Royal Caribbean to Ban Trans Fats

Miami -- Royal Caribbean International plans to ban artificial trans fats from its food, the first major cruise line to join a growing movement in the hospitality industry against the unhealthy cooking ingredient.

Royal Caribbean, which operates 20 ships in the Americas and Europe, said it began replacing its frying oil with trans fat-free oil around the beginning of the year. The company said it will begin removing other foods containing trans fats from its menus in March and expects to remove all such food by year's end.

"We've seen a shift in the lifestyle choices of Royal Caribbean guests; our guests are more active, health-conscious cruisers," said Michael Bayley, the company's senior vice president of guest satisfaction. "Making this investment to upgrade to a healthier option in terms of food preparation is yet another way we can connect with our guests to ensure the best overall cruise experience."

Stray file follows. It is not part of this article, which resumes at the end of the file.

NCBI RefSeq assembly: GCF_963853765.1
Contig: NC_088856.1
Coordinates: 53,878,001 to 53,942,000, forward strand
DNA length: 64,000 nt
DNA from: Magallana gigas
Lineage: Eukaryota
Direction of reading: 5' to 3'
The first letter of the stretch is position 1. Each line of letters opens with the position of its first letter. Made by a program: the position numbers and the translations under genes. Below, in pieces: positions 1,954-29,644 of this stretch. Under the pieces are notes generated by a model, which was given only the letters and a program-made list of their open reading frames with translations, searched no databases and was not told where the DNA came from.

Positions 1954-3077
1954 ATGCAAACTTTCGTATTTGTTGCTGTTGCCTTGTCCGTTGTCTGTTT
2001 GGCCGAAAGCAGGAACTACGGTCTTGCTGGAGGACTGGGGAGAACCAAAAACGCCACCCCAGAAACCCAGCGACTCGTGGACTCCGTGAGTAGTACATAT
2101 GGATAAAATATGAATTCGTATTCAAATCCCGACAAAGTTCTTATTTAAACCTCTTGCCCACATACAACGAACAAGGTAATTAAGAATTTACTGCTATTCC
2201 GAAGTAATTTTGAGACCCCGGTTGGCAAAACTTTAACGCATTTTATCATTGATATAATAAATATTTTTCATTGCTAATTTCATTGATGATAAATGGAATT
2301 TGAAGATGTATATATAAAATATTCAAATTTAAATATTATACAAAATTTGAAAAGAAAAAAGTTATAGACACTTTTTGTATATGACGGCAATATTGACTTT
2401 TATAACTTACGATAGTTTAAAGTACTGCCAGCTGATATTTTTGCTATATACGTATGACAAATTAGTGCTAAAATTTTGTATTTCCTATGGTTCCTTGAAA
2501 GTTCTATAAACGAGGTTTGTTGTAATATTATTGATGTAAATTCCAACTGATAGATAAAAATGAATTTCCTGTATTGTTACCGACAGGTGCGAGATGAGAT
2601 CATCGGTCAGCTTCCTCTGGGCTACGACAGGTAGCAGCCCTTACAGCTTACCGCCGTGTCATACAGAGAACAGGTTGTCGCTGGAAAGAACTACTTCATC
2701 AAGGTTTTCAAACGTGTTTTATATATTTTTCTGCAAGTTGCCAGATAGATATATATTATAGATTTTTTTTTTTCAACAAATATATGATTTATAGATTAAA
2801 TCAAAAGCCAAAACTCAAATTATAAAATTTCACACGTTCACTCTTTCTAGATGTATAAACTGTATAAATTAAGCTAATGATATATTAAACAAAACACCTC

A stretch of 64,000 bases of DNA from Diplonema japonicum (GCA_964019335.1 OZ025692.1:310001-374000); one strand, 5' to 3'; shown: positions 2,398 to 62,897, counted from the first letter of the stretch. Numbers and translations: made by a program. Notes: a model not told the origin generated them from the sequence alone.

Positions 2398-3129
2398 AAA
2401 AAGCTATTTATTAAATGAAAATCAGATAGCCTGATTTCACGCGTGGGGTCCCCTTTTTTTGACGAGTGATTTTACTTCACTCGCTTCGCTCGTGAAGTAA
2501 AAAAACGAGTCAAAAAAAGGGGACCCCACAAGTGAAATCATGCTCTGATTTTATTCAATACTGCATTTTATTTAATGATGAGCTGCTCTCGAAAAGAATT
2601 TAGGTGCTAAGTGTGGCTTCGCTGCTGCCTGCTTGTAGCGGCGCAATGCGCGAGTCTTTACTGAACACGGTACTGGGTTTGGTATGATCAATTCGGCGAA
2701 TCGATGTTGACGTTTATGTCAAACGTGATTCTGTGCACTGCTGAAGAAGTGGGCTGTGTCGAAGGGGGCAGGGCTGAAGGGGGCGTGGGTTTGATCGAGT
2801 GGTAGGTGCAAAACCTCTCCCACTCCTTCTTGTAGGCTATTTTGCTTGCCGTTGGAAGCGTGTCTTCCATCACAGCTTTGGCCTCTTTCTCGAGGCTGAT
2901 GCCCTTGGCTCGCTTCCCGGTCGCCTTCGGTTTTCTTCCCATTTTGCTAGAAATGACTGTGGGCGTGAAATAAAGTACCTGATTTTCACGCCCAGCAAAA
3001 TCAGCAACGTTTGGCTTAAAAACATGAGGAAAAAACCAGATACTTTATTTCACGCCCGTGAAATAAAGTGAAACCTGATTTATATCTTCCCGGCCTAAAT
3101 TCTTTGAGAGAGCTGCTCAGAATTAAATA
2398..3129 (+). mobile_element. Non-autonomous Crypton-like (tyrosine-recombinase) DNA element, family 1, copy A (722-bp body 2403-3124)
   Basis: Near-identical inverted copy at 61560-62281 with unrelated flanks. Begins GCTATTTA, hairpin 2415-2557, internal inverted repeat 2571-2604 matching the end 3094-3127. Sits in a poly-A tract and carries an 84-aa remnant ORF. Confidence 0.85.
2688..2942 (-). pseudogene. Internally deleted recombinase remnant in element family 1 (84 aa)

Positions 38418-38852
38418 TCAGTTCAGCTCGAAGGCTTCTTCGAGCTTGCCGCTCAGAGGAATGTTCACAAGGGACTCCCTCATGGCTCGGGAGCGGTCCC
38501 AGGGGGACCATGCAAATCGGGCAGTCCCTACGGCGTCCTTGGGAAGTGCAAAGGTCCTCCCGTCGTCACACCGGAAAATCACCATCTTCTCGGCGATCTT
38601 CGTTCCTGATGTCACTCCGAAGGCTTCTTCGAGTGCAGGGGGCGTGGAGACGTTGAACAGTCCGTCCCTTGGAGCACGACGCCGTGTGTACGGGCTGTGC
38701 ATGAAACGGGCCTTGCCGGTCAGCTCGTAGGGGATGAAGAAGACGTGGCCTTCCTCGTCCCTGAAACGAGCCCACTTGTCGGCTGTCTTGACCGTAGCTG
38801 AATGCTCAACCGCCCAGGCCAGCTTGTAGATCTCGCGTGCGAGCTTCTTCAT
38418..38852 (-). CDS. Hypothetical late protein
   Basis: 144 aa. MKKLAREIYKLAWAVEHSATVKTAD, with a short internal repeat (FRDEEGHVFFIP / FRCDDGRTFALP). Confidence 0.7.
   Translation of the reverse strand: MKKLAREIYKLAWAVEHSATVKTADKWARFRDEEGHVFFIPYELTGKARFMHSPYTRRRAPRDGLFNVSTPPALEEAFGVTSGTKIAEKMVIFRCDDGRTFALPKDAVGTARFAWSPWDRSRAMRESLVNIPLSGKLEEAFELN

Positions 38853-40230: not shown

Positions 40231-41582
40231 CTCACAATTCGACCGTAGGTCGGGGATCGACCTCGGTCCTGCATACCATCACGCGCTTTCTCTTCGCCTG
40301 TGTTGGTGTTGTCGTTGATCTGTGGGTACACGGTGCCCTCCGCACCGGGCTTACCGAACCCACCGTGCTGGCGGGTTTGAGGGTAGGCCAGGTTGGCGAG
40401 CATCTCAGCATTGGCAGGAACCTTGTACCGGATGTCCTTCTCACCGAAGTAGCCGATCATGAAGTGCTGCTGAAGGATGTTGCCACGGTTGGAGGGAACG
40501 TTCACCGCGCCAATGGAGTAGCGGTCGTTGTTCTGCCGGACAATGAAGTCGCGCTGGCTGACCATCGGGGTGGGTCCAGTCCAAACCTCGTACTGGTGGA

Last month, New York City enacted a measure to ban nearly all trans fats at the city's restaurants, the first major U.S. city to do so; Loews Hotels banned trans fats at its 18 luxury properties as of June 1; and JetBlue began offering trans fat-free snacks on all its flights.

In addition, Starbucks began the year by announcing that it is cutting trans fats from baked goods sold at about half its coffee shops in the United States. The company said it will eventually eliminate trans fats at all its U.S. stores.

The Walt Disney Company and Universal Parks & Resorts also have announced plans to cut trans fats at their theme parks and related properties in the United States.

Trans fats raise the level of unhealthy cholesterol in the human body, which in turn increases the risk of heart disease. The fats are found in hydrogenated vegetable oil, which is used for frying and in a wide variety of processed foods.

For more news on recent developments that could affect your plans, get MeetingNews' weekly e-newsletter to your inbox.